Then, if she drew them ‘right’ With the kind of expression that character would have, or the way he stands, the look in his eyes. Then I know I did my job right.

  10. I think one interesting aspect is that whatever visual theme you choice it will alienate as well as attract groups of readers no matter what you choose. For examaple, if your visuals are maga like in some aspect big groups will refuse to touch it, but teenage girls might flock to it. Anf maybe that is what you want, or maybe it isn’t. In any case its an issue that must be considered. The visual elements to your work is just one more of the number of promises you make, and need to fulfil.

  11. I actually got the opportunity in my character design class at school (for 2D and 3D animation) to “Disneyfy” one of the main characters from my book. It was an interesting challenge because I don’t usually draw my characters. Even so, I’ll find images that help me get an idea of what I want for that character. More often than not its the environments that I draw or model. Over the summer I’m going to build a city from my book in 3D and put it into a game engine so that my co-writer and I can literally walk around the city that we’re writing about. That’s a big step up from the sugar-cube port we made for a previous battle.

    I do agree with you Elin – theme is a really hard thing to gauge when you’re making artwork for your stories, especially for amateurs. Most of the “art” I make for my books is only for my personal use. I really admire writers who can pull off the story and the art at the same time and make it a rewarding experience for the reader. *tips hat to Howard*

  12. @Eliyanna – I’m glad someone else appreciates the seriousness of the situation! ;)

  13. Speaking of Mistborn: I’m in the second book too. @Brandon, despite being busy with a career, family, and school, you’ve been dragging me through this wonderful story at nearly record breaking speeds!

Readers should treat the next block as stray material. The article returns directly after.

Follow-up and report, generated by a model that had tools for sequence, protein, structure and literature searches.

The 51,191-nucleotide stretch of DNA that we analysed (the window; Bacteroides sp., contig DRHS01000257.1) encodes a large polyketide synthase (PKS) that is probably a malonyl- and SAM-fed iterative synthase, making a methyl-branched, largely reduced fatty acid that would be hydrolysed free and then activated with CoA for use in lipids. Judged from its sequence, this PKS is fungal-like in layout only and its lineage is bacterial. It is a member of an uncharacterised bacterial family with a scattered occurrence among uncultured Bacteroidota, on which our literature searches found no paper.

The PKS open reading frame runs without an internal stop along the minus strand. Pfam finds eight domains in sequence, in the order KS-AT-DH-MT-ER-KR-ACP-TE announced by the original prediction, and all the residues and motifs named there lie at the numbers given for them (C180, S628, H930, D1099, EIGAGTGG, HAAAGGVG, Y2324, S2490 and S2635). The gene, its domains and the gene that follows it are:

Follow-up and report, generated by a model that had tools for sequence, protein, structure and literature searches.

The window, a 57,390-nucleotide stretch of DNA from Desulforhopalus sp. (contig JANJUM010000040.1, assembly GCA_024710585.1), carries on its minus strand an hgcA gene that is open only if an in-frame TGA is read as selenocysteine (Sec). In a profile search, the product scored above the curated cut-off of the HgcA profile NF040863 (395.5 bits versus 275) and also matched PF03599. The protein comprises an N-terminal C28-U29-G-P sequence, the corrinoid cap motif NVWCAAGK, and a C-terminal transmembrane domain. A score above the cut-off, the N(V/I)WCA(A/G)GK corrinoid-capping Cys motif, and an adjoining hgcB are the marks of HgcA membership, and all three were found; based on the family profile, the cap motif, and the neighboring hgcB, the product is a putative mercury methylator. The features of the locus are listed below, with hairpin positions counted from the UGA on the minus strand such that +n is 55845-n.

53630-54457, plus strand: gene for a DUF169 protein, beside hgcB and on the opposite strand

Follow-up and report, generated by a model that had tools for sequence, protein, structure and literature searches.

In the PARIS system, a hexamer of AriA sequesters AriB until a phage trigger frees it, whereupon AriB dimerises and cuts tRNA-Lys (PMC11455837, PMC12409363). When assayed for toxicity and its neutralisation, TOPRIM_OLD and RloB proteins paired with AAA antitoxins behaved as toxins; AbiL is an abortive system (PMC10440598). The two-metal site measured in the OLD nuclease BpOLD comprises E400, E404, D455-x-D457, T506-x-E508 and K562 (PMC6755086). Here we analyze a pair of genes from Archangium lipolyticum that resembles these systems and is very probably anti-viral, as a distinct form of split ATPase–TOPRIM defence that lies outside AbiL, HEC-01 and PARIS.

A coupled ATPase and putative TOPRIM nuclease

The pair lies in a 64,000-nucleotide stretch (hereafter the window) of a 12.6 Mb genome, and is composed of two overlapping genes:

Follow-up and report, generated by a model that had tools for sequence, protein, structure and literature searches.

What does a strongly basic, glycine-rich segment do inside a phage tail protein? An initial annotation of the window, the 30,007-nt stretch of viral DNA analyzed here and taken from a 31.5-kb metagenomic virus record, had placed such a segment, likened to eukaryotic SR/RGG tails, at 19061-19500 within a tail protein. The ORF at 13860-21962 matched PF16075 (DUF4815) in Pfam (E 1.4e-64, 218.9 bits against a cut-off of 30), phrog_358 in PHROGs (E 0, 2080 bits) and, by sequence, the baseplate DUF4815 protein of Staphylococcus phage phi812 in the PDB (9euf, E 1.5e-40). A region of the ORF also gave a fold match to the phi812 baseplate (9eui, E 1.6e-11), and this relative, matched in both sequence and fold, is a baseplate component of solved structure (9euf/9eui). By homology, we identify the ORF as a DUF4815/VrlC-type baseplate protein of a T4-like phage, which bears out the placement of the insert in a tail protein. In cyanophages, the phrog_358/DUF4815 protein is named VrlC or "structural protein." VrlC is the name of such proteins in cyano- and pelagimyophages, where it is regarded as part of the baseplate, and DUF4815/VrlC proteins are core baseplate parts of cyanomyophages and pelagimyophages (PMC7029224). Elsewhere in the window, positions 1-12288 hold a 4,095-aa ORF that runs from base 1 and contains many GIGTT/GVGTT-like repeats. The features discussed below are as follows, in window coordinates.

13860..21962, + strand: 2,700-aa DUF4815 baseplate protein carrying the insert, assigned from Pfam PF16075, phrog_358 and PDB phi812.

@Howard, you did the same thing with Schlock Mercenary when I first discovered it. Now I wait with baited breath for each day’s installment.

    @Dan, I’m not much of a horror fan but I’m going to make an exception for you!

    Anyway, on topic: I’m not good at drawing, but I often draw notional maps and find pictures that represent my main characters when I’m going to write (or play an RPG). I also sometimes sculpt important items (if there are any) or general religious or cultural artifacts to cement them and their purposes/uses/etc in my mind before putting words on a page.

    As for the final product, the little bits of art that appear with chapter headings or at the front or back of a book can certainly add to the ambiance, but I don’t usually connect them to the story as much as some people might.

  14. For those of you interested in creating your own maps, I’ve found the following website very helpful for cool map-making tips and tricks. Take a look at some of the Cartographer’s Choice Maps in the forum. These are really nice!


    Also, a map that caught my eye from Jim Butcher’s Codex Alera series. An example of a good fantasy map that is both artistic, informative, and matches the style of the book that it portrays: http://www.jim-butcher.com/news/000348.php

  15. I’ve always found the maps are the best way to draw me into a setting. A well thought out map will make me spend a good amount of time (over an hour for something as developed as lord of the rings) familiarizing myself with the geography. Well developed maps are nice because they tend to mean a setting is also properly developed, and having an understanding of them means I understand the little nods to geographic regions made in the book itself. (But then again, I personally don’t consider World-Builders’ a disease so much as a very delicate and dangerous writing tool, like a scalpel or (in some ways) a chainsaw. If used improperly, it kills the story, even if it gets past the publisher; if used properly, it develops some of the most epic and immersive stories in existence, such as the Wheel of Time and Lord of the Rings.)